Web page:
SCOTUS Declines High School Affirmative Action Case; Alito, Thomas Issue Scorching Dissent

AP Photo/J. Scott Applewhite, File

On Tuesday, the Supreme Court declined to review a 4th Circuit ruling regarding racial discrimination in high school admissions. Justices Samuel Alito and Clarence Thomas issued a dissent that can be described as "fiery."


Two of the Supreme Court’s conservative justices issued a fiery dissent Tuesday after the high court declined to hear a case challenging a Virginia high school’s admissions program that allegedly discriminates against Asian Americans. 

A coalition of parents of students at Thomas Jefferson High School, the nation’s top-ranked high school, appealed to the Supreme Court claiming that the Ivy League feeder imposes a roundabout way of filtering for race in admissions that they say violates the Supreme Court's June 2023 ruling on affirmative action in college admissions. That case decided that the use of race as a factor in college admissions is a violation of the 14th Amendment's Equal Protection Clause.

Justices Samuel Alito, joined by Justice Clarence Thomas, dissented from the court’s denial on Tuesday, calling the lower court’s decision in the case "patently incorrect and dangerous."

"What the Fourth Circuit majority held, in essence, is that intentional racial discrimination is constitutional so long as it is not too severe. This reasoning is indefensible, and it cries out for correction," Alito said in his 10-page dissent.

Principles, again: If discriminating based on race is wrong, then it is wrong in every case, no matter who is being advantaged or disadvantaged, no matter what opportunity, service, or anything else is being unfairly granted or denied. In the Fourth Circuit case, this has to do what what appears to be an affirmative-action workaround by a Fairfax County, Virginia school, the Thomas Jefferson High School for Science and Technology in Alexandria.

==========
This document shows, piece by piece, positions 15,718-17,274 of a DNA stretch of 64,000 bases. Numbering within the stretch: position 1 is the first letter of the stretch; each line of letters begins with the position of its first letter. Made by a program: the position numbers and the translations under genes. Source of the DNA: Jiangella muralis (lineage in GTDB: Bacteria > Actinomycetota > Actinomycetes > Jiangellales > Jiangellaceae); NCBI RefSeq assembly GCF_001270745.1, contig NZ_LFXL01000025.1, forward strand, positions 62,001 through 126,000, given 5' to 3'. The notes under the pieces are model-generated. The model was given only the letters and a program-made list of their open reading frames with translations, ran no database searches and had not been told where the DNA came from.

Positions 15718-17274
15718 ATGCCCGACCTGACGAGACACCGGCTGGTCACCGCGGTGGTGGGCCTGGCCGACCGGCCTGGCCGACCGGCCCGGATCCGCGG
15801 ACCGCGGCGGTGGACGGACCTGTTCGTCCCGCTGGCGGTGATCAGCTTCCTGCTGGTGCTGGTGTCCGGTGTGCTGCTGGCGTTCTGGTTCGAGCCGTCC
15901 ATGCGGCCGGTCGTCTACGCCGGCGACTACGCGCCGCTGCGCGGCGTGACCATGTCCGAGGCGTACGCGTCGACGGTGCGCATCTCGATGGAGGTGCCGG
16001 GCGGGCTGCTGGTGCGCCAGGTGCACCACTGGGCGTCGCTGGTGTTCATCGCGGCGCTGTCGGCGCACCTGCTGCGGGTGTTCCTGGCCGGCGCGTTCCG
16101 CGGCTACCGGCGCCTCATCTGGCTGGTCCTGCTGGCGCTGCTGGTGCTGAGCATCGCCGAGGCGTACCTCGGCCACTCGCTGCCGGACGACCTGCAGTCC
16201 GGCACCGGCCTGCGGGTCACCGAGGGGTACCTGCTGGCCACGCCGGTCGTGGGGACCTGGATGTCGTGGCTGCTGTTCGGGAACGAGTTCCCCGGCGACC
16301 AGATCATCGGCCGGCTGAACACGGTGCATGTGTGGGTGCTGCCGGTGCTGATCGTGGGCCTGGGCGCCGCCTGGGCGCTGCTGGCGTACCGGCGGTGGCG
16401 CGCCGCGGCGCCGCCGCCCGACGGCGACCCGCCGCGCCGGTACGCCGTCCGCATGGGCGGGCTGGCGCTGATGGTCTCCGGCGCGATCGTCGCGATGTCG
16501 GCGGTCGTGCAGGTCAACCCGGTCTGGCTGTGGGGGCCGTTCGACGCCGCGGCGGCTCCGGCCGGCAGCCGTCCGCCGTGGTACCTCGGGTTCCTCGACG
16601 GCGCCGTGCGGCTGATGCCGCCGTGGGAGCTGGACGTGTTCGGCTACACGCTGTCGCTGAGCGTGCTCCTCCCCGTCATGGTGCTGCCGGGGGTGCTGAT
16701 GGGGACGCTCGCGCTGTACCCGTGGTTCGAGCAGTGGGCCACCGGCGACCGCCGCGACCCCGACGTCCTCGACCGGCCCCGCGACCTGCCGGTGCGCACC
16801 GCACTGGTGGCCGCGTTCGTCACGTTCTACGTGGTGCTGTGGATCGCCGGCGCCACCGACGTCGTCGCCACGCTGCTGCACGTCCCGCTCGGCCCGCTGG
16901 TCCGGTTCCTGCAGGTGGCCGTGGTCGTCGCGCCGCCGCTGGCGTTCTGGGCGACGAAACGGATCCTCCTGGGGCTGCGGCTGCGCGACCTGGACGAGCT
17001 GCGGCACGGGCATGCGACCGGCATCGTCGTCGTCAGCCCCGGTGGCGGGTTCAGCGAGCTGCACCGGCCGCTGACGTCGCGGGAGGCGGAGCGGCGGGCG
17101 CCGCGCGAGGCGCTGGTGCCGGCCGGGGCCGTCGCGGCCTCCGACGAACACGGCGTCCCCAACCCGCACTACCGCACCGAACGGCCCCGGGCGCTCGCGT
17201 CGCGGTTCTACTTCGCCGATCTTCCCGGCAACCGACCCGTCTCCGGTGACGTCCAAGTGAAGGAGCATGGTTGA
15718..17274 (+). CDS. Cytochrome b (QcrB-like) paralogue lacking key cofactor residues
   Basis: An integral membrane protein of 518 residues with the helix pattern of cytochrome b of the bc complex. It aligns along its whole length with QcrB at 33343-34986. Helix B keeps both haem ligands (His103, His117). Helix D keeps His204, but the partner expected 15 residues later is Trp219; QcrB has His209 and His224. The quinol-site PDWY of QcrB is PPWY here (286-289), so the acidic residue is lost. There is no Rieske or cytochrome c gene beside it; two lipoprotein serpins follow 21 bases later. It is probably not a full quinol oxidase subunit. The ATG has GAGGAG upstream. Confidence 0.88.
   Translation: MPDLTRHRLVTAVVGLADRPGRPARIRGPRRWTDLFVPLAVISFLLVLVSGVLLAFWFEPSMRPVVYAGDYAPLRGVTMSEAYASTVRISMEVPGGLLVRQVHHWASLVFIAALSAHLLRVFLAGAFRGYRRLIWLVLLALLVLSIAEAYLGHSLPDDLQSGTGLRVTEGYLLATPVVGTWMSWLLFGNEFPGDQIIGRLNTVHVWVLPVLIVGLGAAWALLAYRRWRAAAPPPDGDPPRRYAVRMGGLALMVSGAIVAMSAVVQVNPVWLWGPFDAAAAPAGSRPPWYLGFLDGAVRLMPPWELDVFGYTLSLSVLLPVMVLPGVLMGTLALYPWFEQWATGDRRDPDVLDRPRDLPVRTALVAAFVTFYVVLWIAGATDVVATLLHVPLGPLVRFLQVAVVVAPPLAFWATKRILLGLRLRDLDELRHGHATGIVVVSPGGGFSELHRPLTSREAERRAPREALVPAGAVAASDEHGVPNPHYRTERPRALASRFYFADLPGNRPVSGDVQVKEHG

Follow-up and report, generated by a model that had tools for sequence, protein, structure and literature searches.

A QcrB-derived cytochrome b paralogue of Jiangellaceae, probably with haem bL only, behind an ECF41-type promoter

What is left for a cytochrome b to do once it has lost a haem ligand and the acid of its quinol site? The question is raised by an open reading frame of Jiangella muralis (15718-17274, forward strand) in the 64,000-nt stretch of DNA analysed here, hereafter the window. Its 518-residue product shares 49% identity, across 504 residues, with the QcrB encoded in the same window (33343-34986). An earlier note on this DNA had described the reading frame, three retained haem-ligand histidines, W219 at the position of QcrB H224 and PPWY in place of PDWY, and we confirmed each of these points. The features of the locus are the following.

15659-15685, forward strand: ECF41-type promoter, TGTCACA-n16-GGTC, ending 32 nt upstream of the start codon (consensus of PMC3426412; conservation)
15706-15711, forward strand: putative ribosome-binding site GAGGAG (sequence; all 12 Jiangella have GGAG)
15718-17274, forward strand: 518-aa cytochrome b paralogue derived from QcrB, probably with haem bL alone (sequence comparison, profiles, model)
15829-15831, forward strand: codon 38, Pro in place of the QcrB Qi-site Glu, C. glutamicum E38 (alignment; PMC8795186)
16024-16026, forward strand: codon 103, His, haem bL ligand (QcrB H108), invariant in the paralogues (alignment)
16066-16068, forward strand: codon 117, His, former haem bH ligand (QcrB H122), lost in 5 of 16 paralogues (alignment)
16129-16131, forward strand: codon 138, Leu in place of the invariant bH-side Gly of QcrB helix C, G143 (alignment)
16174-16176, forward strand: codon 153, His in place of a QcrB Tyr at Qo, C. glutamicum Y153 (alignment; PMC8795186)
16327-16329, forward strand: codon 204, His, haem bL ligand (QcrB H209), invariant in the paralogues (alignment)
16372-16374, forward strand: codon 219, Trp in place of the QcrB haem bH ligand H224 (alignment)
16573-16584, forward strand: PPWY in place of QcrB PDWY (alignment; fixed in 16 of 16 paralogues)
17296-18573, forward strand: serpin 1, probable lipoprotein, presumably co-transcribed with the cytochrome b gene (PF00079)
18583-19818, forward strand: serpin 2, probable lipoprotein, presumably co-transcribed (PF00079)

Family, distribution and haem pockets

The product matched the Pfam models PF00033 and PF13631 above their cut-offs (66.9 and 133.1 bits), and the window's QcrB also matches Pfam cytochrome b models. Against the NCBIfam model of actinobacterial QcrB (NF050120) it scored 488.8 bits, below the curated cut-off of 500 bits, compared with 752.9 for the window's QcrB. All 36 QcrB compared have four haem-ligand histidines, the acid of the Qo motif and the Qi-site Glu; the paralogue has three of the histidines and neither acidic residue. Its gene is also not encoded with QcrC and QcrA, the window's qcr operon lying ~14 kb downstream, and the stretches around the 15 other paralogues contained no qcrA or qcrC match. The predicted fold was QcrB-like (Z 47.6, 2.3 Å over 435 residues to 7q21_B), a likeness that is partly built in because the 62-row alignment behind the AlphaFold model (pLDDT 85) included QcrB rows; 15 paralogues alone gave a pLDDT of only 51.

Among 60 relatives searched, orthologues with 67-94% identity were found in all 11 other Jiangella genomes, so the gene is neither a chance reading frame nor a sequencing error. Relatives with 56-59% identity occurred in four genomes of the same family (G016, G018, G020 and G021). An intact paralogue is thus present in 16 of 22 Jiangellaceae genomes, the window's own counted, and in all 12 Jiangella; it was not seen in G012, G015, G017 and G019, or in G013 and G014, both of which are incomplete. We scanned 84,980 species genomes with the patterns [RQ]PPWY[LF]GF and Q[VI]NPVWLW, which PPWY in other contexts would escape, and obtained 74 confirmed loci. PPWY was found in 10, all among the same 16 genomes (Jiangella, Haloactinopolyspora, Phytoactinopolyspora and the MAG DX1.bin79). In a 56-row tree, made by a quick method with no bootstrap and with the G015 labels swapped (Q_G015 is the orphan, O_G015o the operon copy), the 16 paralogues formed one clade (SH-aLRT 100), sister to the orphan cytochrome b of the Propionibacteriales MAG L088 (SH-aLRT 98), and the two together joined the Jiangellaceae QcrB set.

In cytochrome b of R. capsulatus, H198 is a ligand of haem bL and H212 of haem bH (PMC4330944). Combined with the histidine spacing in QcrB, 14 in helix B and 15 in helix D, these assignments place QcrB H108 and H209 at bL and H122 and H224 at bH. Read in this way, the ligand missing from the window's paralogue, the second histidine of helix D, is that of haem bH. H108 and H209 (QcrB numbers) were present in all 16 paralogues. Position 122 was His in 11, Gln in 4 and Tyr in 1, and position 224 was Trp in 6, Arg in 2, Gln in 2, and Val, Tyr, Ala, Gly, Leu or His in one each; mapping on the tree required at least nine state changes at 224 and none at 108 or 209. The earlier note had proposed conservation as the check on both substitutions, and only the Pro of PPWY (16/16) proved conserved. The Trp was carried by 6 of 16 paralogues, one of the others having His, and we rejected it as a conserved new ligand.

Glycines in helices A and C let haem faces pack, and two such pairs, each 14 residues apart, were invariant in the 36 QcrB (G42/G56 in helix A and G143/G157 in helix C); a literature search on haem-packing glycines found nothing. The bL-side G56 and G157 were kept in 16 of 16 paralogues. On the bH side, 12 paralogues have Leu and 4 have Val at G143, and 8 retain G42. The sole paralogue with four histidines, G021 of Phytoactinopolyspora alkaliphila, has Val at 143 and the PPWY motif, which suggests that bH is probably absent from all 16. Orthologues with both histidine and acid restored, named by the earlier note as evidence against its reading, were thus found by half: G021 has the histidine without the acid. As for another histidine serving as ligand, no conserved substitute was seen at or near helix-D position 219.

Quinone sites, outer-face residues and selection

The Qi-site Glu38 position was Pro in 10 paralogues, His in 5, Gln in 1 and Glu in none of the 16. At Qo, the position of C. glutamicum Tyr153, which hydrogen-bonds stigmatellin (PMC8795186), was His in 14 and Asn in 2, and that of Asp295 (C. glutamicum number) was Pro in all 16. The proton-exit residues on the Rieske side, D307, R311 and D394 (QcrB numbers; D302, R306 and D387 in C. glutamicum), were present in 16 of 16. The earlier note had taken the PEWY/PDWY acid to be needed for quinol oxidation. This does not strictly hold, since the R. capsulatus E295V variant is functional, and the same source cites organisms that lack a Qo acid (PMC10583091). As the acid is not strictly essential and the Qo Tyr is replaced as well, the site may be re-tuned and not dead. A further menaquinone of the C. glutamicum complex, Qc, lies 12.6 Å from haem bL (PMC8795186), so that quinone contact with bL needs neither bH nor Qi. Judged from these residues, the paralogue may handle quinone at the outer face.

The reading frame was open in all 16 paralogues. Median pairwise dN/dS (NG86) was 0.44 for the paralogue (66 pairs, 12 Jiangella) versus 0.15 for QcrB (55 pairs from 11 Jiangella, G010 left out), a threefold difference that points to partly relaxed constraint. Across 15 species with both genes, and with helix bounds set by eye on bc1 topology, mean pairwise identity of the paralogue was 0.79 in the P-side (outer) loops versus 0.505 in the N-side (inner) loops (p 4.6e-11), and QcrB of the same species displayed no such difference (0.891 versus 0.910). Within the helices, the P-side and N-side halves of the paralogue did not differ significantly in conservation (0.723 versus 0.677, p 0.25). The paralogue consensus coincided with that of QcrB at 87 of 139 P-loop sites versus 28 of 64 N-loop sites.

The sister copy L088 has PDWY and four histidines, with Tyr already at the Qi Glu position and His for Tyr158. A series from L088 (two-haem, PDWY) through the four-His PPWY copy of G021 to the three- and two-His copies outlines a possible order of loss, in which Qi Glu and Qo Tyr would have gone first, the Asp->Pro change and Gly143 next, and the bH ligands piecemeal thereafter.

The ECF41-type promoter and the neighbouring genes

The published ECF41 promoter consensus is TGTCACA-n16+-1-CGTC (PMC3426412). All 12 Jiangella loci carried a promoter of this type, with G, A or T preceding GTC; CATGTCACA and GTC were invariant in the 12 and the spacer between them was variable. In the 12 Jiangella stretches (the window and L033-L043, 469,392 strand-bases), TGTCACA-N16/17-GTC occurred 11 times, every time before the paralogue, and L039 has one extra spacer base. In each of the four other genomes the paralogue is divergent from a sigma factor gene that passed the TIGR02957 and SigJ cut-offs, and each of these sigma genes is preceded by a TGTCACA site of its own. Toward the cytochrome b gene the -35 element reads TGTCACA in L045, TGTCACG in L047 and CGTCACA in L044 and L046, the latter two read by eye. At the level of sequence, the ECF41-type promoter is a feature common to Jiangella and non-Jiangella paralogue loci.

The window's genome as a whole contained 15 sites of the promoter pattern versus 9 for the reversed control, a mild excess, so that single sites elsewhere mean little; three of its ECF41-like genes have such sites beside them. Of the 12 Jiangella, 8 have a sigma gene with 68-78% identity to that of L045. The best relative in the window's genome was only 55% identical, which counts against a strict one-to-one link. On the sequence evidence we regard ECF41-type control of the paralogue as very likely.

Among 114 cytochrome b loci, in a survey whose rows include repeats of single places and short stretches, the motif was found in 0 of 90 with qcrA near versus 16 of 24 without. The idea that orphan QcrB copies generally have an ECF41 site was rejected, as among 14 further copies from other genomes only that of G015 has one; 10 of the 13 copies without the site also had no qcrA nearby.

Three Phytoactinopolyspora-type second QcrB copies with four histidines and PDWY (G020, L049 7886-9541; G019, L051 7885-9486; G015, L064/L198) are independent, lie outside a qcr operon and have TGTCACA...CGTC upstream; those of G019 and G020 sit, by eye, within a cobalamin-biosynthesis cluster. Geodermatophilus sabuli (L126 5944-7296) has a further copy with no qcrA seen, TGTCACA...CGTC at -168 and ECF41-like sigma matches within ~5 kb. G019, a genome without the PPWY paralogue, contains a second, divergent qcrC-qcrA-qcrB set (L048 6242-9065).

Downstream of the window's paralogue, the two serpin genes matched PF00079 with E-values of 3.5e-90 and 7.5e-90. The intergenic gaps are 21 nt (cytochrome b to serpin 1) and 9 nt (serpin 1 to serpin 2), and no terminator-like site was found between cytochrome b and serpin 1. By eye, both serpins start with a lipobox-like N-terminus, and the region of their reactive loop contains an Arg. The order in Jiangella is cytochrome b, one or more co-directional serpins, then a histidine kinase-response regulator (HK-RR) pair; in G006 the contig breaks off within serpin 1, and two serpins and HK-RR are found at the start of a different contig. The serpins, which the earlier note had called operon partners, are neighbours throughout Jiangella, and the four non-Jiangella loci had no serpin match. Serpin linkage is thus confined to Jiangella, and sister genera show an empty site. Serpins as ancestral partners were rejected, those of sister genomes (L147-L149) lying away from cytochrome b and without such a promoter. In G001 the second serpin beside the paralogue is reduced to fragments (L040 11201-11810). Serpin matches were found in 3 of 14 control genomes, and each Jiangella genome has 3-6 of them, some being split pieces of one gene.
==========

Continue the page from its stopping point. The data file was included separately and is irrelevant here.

The Fairfax County School Board has attempted to address racial disparities among the student body, particularly the low numbers of Black and Hispanic students. While the school does not expressly filter for race, it instead implemented geographic quotas, guaranteeing admission to the top students of each middle school in the county. The school also factored income into the equation.

However, a parents group called the Coalition for TJ, represented by the Pacific Legal Foundation, filed a lawsuit claiming the practice was unconstitutional and discriminated against Asian American students.

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The Pacific Legal Foundation weighed in on the principle involved and hit the nail squarely on the head:

Pacific Legal Foundation senior attorney Joshua Thompson said that "the Supreme Court missed an important opportunity to end race-based discrimination in K-12 admissions." 

"Discrimination against students based on their race is not only ethically wrong but also a clear violation of the Constitution’s guarantee of equal protection. Schools should evaluate students as individuals, not as groups based on racial identity," he said.


This is what happens when politics take precedence over principles. In principle, discrimination is always wrong; in the political world, apparently, racial discrimination is OK if it discriminates against high-achievers and in favor of lower achievers.

Discrimination based on race is wrong. It's wrong in every case. It's disappointing in the extreme that the Supreme Court not only declined to review this case but did not give this discriminatory policy the smack-down that it richly deserves.

More from Thomas Jefferson High School:

'This Is Not America': VA Lt. Gov. Winsome Sears Shreds School That Hid Awards From Students in the Name of 'Equity'


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